Rob Scapin tastes all Vincor’s Canadian wines and decides which are up to snuff for this blend. "We may choose not to release any wines in some years rather than compromise our standards of quality and innovation."
Says Vincor chief Don Triggs: "We’re seeing new confidence among our wine- making team. Unity is a perfect example of how they’re becoming more creative in their pursuit of excellence."
How’re the wines? Creamy, buttery Chardonnay, seamless tropical fruit, pear and toasty caramel, long on the palate, sweet oak notes, good length, ageable and elegant (90). With smoked salmon, poached halibut, sea scallops, or chicken with fruit salsa. The Cab-Merlot, dusty tannins, raspberry-bramble fruit, anise, mint, hints of violets and good acidity, a keeper with time to spare (91).with apricot-crusted Ontario lamb chop, braised lamb shank, wild mushrooms, duck breast or Ontario Cheddar.
Available in Wine Rack stores, at the winery, now in Vintages and coming into the LCBO.
A Long Hot Summer (yippee!) In Germany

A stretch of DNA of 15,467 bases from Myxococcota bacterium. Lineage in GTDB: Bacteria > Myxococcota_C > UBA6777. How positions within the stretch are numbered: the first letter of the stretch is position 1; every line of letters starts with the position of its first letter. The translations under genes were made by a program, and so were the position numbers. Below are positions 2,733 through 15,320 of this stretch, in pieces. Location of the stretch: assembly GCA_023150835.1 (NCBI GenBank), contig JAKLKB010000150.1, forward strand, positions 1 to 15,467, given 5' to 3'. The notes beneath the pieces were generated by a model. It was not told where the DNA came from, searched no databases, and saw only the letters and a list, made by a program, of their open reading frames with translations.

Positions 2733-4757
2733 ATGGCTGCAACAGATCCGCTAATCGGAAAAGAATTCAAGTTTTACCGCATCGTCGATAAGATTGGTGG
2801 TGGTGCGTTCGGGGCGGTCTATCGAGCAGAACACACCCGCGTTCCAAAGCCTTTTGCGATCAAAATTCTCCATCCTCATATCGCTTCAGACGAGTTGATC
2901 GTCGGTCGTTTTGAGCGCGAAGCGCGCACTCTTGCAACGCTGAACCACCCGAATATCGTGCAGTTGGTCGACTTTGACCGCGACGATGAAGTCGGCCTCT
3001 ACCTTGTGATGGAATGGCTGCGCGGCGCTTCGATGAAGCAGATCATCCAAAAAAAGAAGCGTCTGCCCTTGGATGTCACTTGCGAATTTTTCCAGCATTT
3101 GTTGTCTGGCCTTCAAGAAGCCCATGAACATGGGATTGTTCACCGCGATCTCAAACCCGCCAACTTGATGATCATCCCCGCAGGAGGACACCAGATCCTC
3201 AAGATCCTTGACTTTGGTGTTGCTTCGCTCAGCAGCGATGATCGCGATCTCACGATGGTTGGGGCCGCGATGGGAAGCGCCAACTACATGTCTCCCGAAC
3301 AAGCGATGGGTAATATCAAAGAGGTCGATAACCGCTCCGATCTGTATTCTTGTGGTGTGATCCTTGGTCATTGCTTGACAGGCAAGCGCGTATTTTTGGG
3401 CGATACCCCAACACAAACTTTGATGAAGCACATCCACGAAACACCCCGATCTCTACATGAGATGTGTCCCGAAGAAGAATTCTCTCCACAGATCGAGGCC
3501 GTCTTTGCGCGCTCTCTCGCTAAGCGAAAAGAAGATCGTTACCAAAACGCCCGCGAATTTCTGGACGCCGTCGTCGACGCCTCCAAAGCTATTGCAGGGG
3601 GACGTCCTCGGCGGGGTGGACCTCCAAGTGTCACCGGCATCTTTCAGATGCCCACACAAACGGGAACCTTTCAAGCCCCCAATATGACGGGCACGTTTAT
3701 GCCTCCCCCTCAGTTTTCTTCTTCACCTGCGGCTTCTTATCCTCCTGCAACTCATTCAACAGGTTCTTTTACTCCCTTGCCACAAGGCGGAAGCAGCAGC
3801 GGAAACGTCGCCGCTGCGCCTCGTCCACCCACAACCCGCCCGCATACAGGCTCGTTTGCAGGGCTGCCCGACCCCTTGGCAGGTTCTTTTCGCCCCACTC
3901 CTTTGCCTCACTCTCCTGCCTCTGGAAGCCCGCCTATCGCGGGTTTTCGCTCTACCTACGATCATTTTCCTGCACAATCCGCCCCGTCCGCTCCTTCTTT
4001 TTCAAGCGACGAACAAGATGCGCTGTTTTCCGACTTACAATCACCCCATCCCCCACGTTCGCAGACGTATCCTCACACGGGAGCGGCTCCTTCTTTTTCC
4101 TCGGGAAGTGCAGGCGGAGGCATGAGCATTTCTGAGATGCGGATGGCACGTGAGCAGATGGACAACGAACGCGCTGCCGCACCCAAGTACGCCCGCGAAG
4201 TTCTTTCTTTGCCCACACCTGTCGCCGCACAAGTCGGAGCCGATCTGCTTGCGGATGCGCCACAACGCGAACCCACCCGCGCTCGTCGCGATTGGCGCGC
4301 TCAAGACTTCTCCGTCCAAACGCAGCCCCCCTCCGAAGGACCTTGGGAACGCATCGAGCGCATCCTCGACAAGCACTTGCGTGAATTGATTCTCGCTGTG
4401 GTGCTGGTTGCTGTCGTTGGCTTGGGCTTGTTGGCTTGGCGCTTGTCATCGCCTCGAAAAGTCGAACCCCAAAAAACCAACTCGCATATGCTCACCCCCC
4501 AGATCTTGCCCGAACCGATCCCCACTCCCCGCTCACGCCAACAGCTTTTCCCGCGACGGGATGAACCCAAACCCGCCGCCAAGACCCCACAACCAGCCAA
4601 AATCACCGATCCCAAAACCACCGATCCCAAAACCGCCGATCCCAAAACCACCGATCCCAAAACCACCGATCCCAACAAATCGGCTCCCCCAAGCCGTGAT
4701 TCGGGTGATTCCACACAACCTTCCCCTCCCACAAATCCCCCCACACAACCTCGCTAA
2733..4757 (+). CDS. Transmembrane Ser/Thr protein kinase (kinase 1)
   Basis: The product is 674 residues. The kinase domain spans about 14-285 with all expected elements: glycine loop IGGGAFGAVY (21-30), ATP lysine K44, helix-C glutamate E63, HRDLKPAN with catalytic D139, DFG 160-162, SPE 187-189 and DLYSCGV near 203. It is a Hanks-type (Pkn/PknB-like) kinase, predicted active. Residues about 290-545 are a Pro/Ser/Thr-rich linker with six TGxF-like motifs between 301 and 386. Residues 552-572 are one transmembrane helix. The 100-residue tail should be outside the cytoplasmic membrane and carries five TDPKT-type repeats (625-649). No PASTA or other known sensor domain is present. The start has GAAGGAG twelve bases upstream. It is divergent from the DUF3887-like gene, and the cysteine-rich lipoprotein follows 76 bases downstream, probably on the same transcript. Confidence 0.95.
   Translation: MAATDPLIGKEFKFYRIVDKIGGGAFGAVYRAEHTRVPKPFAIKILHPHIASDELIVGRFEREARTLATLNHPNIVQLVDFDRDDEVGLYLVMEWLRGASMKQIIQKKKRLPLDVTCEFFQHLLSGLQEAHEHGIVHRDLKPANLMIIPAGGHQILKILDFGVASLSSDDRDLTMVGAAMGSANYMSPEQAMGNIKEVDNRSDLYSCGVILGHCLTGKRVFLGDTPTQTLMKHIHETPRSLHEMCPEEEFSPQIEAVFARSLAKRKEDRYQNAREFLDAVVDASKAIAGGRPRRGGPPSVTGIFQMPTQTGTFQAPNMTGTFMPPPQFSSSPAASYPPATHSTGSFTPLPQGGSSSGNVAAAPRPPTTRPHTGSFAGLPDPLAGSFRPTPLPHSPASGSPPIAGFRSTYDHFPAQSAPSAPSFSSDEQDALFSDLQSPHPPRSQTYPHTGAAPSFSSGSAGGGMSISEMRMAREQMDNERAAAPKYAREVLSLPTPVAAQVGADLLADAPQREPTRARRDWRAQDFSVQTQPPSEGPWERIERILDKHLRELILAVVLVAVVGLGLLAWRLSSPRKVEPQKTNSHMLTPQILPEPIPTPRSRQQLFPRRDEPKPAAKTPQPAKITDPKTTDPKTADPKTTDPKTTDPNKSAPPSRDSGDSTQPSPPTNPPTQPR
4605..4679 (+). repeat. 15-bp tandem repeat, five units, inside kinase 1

Excellent growing conditions in virtually all of Germany in 2003 helped produce another outstanding vintage for German wines. The 2003 continues a string of fine vintages for German wines that now stretches well into the new millennium.
The report by the German Wine Growers’ Association confirms a smaller production in 2003, 8 million hectolitres, but ripeness well above average and exceptional.
Most of the harvest will produce higher quality Pradikatswein. And many went into the cellars with record-breaking natural sugar levels.
The QbA and Kabinett wines are very impressive. The wines are vigorous, full-bodied with a very mild fruity acidity that reflects the abundant sunshine. This balance makes them very accessible and drinkable early.
Reds, a growing segment in Germany that account for 25% of production also did well and more are likely to appear on the export markets.
Given the lower yields, a high proportion of luscious sweet wines were selected by producers for Beerenauslese and Trockenbeerenauslese wines.
And many producers still were able to harvest some very exciting Eiswein.
The last pickings took place in late January in the Rheingau, Rheinhessen and Nahe.
According to Armin Goring of the Deutsches Weininstitut in Mainz: "The potential of this vintage is so great that even our grandchildren a generation from now will find the 2003 vintage a pleasure to drink."
Kendall Jackson Vintners Reserve ’02 $22.95 (v)
Ironstone Reserve, Lodi ’01, $40.99, by the case from Lifford Agencies
Far Niente Napa Valley $160 (v) coming this fall.
Rodney Strong Reserve $59.95 (c) Mark Anthony Group
Beringer Knights Valley $44.95 (v)
And, from ’98: